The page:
“Our booklet explains what it means to live with HIV as well as how people can protect themselves from HIV. The resource has up to date information on HIV test and treatment and a comprehensive list of care and support services to allay people’s concerns about living with HIV. It is a great resource to have and share.”Developed by the MHAHS, the HIV. What you need to know booklet, is available in eight languages including English, Arabic, Chinese, Indonesian, Portuguese, Spanish, Thai and Vietnamese. The e-booklet can be downloaded here and free hard copies are available to order.
HIV remains a public health concern in Australia with an estimated 28,180 people living with HIV in Australia currently, according to the 2019 report by the Kirby Institute.
Nearly one in ten Australians living with HIV are unaware they have the virus and may be unknowingly passing on the virus to others. They also risk missing out on getting HIV treatments on time due to late diagnosis. A better understanding of HIV could avoid these risks.
A number of events are being organised across Australia to support the HIV awareness campaign. Diversity Hub is supporting the campaign by undertaking an ethnic media campaign across 8 languages as well as partnering with the local HARP unit to organise information stalls in the local area.
HIV is most commonly transmitted through unprotected sexual contact. Condoms and PrEP, where you take a tablet once a day, every day, remain two of most effective ways to prevent the transmission of HIV.
As the COVID-19 pandemic increases people’s awareness of their health and wellbeing, the Multicultural HIV and Hepatitis Service (MHAHS) is reminding people of the necessity to take care of their health and their liver in a state-wide multi-channel hepatitis B campaign.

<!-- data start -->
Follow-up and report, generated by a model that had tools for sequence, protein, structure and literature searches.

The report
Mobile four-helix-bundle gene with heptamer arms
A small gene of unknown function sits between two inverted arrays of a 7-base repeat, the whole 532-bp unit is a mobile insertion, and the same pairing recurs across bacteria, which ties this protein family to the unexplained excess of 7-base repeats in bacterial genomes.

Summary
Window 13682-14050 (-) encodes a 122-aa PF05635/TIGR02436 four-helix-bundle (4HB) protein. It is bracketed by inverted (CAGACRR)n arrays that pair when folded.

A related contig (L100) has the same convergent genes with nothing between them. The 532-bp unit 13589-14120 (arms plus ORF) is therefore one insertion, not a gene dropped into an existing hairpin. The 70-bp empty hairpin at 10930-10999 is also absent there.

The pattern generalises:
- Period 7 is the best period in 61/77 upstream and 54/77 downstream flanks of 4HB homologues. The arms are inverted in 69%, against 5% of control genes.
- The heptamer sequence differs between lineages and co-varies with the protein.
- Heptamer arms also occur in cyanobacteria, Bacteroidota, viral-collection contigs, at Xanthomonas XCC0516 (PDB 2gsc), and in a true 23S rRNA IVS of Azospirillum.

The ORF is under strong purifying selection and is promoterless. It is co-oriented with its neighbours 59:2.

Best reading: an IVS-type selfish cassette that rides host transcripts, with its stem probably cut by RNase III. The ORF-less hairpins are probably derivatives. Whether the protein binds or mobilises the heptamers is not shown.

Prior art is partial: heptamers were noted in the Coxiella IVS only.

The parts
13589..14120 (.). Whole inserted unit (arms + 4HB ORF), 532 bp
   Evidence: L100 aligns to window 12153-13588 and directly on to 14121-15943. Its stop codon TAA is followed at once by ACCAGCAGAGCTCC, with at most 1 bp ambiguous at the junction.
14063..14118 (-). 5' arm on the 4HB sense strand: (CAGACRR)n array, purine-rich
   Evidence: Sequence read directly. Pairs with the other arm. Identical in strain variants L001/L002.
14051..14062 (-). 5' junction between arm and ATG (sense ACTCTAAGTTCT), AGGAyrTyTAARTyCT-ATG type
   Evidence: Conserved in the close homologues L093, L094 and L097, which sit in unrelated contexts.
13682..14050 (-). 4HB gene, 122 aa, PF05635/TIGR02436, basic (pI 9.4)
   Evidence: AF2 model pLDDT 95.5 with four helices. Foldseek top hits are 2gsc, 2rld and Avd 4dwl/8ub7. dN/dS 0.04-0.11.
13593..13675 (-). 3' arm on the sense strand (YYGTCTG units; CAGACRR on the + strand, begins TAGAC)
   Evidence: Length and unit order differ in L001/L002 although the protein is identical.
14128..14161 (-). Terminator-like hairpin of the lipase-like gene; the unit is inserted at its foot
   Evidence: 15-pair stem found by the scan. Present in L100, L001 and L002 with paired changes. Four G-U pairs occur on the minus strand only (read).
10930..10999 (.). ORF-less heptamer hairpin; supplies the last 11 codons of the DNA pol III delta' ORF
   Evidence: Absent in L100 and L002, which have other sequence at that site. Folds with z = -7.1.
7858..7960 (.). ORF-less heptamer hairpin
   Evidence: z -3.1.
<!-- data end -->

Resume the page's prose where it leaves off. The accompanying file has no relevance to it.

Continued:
The campaign encourages people from diverse communities to get tested for hepatitis B. The aim is to raise awareness of hepatitis B testing and treatment in Arabic, Chinese, Korean and Vietnamese-speaking communities living in NSW.
Beginning 19 October, the month-long campaign will run across ethnic newspaper, radio and social media outlets, and communicate a simple message: Are you living with hepatitis B? Find Out. Get Tested.
Getting check-ups and finding whether you are living with hepatitis B matters even more during COVID-19, according to Barbara Luisi, Director of Diversity Programs and Strategy Hub.
“The spread of the coronavirus reminds us of the importance of taking care of ourselves,” said Ms Luisi.
“There are many things we can do to take care of ourselves, including maintaining a healthy lifestyle, doing regular check-ups and being aware of any potential health issues before it is too late. Getting tested and finding whether you have hepatitis B is part of it.”
An estimated 325 million people are living with viral hepatitis in the world with nearly 90% of them unaware that they are infected, according to the World Health Organization. Without treatment, it can lead to liver cancer.
In Australia, there were an estimated 230,034 people living with chronic hepatitis B as of the end of 2016, according to a report published by the Kirby Institute in 2019, with only 7% were receiving treatment. A large proportion of people living with chronic hepatitis B is still undiagnosed, many of them are born overseas.
Effective treatments are available which improve the health of people living with chronic hepatitis B. Early access to treatment prevents serious liver damage and allows people to live longer, healthier lives.
The campaign encourages people to speak to their doctor and families about getting a hepatitis B test.
Four key messages are conveyed through the campaign to tackle hepatitis B among diverse communities:
- People from diverse communities should talk to their doctor and ask for a hepatitis B test. All conversations with your doctor remain private in Australia.
- The only way to know if you have chronic hepatitis B is by having a specific blood test.
- Hepatitis B is common in many diverse communities, although most people with hepatitis B remain unaware and do not have any symptoms.
- Effective treatments are available that control the hepatitis B virus and reduce liver damage and the risk of liver cancer.
A multilingual resource toolkit, which includes the campaign resources and guidelines for use is available on the campaign webpage.